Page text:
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Doing it for myself

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“It is easy to be independent when you’ve got money. But to be independent when you haven’t got a thing–that’s the Lord’s test.”
Mahalia Jackson

These words have really challenged me, as I hope they will challenge many of you. It makes me think of women of the old school, like my mother, who, though widowed early on in her married life, worked hard and struggled on, to look after us, independently. But it seems that women like this are now a dying-breed. When I think about the young women of Zimbabwe, I feel frightened. Even though some of us are ambitious, hardworking and fairly, independent, the majority of us are far from even being able to take care of ourselves, on a very basic level. Times are hard, and with unemployment levels topping 90%, being an independent young woman, is far easier said than done.

Despite how hopeless our economic situation seems I feel as though many young women are not even bothered with independence anymore. Faced, with such a tough economic environment, a lot of us have found it easier to just expect someone else to look after us, with many young women giving up on independence, and instead, seeking out moneyed men to look after them. These young women are making use of their erotic power to get men to take care of them, and in so doing, freeing themselves from the responsibility of their own lives. What these women don’t realise it that they are creating their own monsters.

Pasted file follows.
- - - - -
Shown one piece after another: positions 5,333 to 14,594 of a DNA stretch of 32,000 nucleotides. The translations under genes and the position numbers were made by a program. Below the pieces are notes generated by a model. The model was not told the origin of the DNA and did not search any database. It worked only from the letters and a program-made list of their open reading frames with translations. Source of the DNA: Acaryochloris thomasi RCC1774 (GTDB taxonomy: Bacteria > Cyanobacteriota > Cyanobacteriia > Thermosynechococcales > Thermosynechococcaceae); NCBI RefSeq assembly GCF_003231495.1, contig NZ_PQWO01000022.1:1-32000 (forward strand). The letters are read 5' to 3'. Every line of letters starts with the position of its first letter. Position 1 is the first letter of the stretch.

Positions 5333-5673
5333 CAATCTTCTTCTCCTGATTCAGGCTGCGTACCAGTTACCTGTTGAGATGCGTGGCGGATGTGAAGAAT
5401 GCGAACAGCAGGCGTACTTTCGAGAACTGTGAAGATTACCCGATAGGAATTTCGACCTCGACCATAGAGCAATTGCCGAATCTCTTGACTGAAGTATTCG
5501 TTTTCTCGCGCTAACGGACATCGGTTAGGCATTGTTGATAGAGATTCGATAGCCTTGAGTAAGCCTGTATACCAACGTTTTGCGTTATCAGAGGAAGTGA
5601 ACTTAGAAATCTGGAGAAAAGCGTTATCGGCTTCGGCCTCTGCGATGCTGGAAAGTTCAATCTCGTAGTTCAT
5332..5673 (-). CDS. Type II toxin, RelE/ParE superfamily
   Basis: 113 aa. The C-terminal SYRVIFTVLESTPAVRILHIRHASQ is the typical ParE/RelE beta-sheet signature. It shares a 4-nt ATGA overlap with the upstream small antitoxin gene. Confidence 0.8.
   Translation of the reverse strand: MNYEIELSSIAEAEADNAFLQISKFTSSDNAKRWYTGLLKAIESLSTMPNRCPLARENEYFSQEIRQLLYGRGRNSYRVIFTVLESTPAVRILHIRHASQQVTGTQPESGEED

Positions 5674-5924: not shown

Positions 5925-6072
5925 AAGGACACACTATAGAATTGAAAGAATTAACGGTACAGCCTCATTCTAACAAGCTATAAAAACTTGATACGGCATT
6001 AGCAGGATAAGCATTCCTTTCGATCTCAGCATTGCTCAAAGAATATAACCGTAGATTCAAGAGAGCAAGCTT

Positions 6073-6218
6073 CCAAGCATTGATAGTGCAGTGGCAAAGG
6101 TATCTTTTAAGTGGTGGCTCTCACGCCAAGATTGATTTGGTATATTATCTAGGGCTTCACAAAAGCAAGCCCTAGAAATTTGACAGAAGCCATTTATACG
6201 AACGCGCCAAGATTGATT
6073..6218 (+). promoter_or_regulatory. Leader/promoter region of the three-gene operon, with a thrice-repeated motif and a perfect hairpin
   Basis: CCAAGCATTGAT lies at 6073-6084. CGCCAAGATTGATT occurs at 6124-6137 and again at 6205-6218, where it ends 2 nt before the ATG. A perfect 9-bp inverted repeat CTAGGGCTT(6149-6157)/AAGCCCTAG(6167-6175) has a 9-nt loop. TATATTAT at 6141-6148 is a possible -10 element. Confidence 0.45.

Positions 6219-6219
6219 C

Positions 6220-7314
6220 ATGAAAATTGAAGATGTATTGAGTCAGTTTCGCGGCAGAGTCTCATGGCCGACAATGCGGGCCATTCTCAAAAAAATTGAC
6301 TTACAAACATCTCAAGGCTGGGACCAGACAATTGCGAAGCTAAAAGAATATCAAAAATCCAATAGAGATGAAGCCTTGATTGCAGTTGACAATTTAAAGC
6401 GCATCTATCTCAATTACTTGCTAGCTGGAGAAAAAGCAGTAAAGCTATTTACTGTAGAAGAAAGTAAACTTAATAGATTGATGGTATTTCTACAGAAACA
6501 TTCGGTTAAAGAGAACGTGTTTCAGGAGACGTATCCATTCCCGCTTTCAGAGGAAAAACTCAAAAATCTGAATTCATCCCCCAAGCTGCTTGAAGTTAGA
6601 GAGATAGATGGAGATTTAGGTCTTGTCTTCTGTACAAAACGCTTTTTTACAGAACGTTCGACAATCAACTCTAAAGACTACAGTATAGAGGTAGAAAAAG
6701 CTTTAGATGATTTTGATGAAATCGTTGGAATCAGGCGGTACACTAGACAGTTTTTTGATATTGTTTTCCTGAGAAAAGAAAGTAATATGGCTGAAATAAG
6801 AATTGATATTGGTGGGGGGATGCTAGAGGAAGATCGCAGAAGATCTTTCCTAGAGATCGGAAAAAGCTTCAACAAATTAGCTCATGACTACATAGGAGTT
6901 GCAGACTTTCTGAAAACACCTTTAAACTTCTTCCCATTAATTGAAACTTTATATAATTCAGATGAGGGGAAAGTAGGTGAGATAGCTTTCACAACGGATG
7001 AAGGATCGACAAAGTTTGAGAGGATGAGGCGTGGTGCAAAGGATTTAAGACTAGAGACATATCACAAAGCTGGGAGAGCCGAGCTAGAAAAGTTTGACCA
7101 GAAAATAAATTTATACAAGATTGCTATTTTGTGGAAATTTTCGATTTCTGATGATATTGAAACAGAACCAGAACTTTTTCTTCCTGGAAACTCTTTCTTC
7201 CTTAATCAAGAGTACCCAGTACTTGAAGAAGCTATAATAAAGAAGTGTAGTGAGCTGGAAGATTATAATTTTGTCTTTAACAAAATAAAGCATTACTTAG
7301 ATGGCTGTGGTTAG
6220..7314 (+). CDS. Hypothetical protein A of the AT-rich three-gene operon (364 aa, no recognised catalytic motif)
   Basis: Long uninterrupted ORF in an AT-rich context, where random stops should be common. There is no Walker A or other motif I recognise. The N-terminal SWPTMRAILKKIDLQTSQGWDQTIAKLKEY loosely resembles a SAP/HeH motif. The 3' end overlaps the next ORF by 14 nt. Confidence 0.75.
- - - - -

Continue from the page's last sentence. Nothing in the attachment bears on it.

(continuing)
I mean common sense should tell you that you can’t rightly expect to receive resources without paying for them. All along, unbeknownst to you, the metre has been running. It may not happen today, but eventually your sponsor will get their money’s worth. One may decide to beat it out of you, while another feels that he now has a licence to control you, and another still feels that it gives him the right not to use a condom. And how can you say no to him, when he has supported you for the last year or so. Of course, you can’t say no to him now. You feel beholden, and will therefore comply, right.  And what happens if one day he shows up, and asks for it all back. Unotangira pai? Where will you even begin to source this money?

One of my aunts, a very wise woman, once told me, “Never accept something from a man that you can’t afford to give back.” This advice might be a little extreme, but I think that one lesson we have to learn from it is to not let ourselves be dis-empowered in relationships, by not being independently functional, at the very least.

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